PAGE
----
Tuesday, May 10, 2016


While trying to find something else -- which I did not find, BTW -- I ran across this old post from another blog I kept over a decade ago. I deleted the blog itself when I decided that it had run its course, but I kept a few of the posts that I liked. This is one of them. I thought I might share it again.


Among the many blessings in my life has been the presence of people in recovery programs. My father was never in one himself, but he taught my brother and me the Serenity Prayer when we were quite young. He said it came from Alcoholics Anonymous, but ours was not a drinking family, so that didn't register much. But other important people have been in The Program. Starting back when I was a seminarian with a spiritual director and a confessor who were recovering alcoholics to today when I have friends who are in recovery from addictions to drugs, spending, pornography, overeating, gambling and sex. Some of my students were in recovery, and I learned far more from them about life than I think I ever taught them.

Not all of them participated in one of the gazillion Twelve-Step Programs based on the principles of Alcoholics Anonymous. One of the things I learned is that AA doesn't claim to be the only solution to alcoholism. It just says it has worked for its members, and it makes available what they have learned to anyone who is interested in hearing about it. They have an absolute aversion to taking money for it, too. [That alone makes me wonder when I read that Twelve-Step Spirituality is a truly American spiritual tradition.] One cynic said that the proof to him that AA is not a religion is that you aren't required to pay.

Most of us have heard of the Twelve Steps, even if we don't know what they are. There are also organizational rules (if you can call anything about AA and parallel groups a rule, or even call it an organization itself) that are called the Twelve Traditions. The word tradition is intentional. Not Twelve Commandments or Twelve Ordinances or Twelve Laws or Twelve Decrees. Twelve traditions -- that is, the way things have been done and handed down. Not from God, just from previous generations. A big part of the study of the Traditions is an explanation of why each one exists. Often this consists of a story about a really good idea that proved to be not so great. So the Tradition arose to keep that lesson alive. One friend told me that the Steps -- how the person in recovery lives life -- keep alcoholics from killing themselves. The Traditions -- how the group operates -- keep alcoholics from killing one another.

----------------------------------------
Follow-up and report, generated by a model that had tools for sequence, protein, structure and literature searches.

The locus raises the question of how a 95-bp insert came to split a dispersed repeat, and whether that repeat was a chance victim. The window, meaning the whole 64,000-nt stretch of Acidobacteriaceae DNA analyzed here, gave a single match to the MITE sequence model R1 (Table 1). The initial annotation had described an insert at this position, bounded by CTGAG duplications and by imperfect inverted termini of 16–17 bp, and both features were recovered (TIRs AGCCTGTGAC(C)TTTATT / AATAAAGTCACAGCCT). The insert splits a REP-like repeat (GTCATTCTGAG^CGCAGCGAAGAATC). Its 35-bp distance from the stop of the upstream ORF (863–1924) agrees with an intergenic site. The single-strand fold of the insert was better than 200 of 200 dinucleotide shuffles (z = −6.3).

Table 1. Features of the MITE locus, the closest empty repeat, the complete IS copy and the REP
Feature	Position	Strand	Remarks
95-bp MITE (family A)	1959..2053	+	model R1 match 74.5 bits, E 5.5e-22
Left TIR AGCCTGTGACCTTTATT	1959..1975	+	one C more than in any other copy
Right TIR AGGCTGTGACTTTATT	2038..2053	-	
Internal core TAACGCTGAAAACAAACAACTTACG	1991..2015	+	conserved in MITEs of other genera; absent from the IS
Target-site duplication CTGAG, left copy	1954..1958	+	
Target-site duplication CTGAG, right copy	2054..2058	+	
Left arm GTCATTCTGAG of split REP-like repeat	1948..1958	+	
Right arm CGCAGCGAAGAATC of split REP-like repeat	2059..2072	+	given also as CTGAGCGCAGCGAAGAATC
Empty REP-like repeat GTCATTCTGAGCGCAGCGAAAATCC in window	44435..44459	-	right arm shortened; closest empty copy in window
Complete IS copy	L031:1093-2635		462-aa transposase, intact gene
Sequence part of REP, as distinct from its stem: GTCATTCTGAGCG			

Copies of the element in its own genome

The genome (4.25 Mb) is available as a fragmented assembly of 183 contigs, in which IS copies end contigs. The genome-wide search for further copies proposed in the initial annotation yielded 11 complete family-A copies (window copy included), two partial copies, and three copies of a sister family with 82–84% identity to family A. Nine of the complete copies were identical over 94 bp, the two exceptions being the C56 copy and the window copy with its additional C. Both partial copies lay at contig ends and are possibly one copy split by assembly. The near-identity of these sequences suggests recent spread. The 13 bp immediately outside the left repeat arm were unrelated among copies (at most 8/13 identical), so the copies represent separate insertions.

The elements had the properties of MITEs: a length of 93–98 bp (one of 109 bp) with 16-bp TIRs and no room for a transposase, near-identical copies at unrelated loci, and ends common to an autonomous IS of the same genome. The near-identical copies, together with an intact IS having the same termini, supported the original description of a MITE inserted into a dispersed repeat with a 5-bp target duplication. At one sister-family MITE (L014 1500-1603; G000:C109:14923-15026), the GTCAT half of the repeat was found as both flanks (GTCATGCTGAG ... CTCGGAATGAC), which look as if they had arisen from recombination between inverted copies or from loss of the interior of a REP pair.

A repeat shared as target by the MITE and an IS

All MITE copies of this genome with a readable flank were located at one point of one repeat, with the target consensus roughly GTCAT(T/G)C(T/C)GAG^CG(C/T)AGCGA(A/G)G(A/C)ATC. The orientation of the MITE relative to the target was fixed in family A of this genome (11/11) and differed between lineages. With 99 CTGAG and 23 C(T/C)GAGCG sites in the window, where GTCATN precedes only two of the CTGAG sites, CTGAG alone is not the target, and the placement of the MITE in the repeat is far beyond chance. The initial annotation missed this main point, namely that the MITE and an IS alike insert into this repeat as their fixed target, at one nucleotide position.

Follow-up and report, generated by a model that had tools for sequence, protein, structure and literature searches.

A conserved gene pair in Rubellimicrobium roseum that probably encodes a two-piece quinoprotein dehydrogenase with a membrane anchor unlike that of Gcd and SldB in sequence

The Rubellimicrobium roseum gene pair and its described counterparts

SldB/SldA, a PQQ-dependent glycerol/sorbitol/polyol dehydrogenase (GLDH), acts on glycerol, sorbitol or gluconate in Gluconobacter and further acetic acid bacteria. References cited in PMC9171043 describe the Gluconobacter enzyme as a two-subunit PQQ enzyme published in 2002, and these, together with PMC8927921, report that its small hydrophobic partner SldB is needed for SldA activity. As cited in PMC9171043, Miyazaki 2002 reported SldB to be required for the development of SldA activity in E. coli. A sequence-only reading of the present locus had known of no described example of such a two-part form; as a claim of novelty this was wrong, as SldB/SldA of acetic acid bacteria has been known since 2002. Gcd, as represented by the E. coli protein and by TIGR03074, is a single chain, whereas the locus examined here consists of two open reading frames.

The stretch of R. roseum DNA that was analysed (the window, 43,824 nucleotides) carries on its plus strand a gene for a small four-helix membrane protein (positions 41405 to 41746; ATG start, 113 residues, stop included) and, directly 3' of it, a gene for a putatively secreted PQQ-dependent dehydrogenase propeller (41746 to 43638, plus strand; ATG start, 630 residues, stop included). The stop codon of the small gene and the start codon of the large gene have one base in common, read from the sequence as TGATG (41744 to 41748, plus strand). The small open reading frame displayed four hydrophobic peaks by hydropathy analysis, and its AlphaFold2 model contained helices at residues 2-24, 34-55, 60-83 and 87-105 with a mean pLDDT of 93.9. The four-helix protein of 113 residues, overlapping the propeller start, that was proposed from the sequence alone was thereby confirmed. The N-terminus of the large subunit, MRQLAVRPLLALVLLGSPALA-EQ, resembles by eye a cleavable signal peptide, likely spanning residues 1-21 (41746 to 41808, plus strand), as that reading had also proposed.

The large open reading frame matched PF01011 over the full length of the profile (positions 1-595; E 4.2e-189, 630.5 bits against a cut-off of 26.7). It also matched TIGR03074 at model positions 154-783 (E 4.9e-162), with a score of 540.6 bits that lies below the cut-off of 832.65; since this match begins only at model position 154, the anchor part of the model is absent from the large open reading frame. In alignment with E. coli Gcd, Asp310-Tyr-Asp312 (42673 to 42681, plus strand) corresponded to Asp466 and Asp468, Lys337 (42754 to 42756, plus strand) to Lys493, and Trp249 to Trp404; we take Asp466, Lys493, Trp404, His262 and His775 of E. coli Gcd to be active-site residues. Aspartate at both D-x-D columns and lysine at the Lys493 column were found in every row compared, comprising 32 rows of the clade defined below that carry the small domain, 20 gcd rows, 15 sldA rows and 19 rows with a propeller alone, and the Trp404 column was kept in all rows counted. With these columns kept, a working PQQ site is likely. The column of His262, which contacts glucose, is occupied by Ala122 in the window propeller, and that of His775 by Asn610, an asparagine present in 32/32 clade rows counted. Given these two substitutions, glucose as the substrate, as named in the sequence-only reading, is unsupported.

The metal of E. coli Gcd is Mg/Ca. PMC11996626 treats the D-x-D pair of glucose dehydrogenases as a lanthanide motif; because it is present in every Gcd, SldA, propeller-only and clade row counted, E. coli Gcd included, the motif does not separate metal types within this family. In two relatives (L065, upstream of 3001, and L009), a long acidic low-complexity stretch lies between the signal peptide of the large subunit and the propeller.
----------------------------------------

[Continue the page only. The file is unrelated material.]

If you don't already know, take a moment and look at this list. What do you think the one requirement for AA membership is?

1) To stop drinking one day at a time
2) To attend meetings regularly
3) To practice the Twelve Steps under the guidance of a sponsor
4) To admit you are an alcoholic
5) To accept the basic principles of recovery as set out in the official literature

Well, which one? If you know much about recovery programs like Alcoholics Anonymous, you know that they make a big deal of doing it one day at a time, of the need to attend meetings, of the role of an experienced person in helping you make the Steps, of the fundamental need to admit you have a problem, that the basic literature is very important.

So what is the sole requirement?

Tradition Three: "The only requirement for A.A. membership is a desire to stop drinking."
That's it. A desire to stop drinking. [Or stop using drugs, or stop overeating or stop whatever the addictive behavior may be.]

Amazing! No promise to believe the Book, much less buy it. No promise to show up at least once a week. No promise to do what the Book says to do. The only requirement for membership is the desire to stop whatever is killing you. And the only other thing you hear that might sound like a demand, but is really just an invitation, is "Keep coming back."

Oh, there's a lot more to recovery than that. But that's the only requirement for membership. The way you do the rest is up to you and God (or in recovery-speak, your Higher Power.)

I guess that sounds a lot like my vision of God right now. A God who reaches out and says the only requirement is a desire to stop killing ourselves. And the invitation to keep coming back.

He has showed you, O man, what is good. And what does the LORD require of you? To act justly and to love mercy and to walk humbly with your God.
Micah 6:8
I'd be happier if I could just do that.


Ur-spo said...

these are very good rules indeed. and the serenity prayer is a lovely succinct summary of how to get through anything.

Anonymous said...

Thanks for re-posting. You are very encouraging.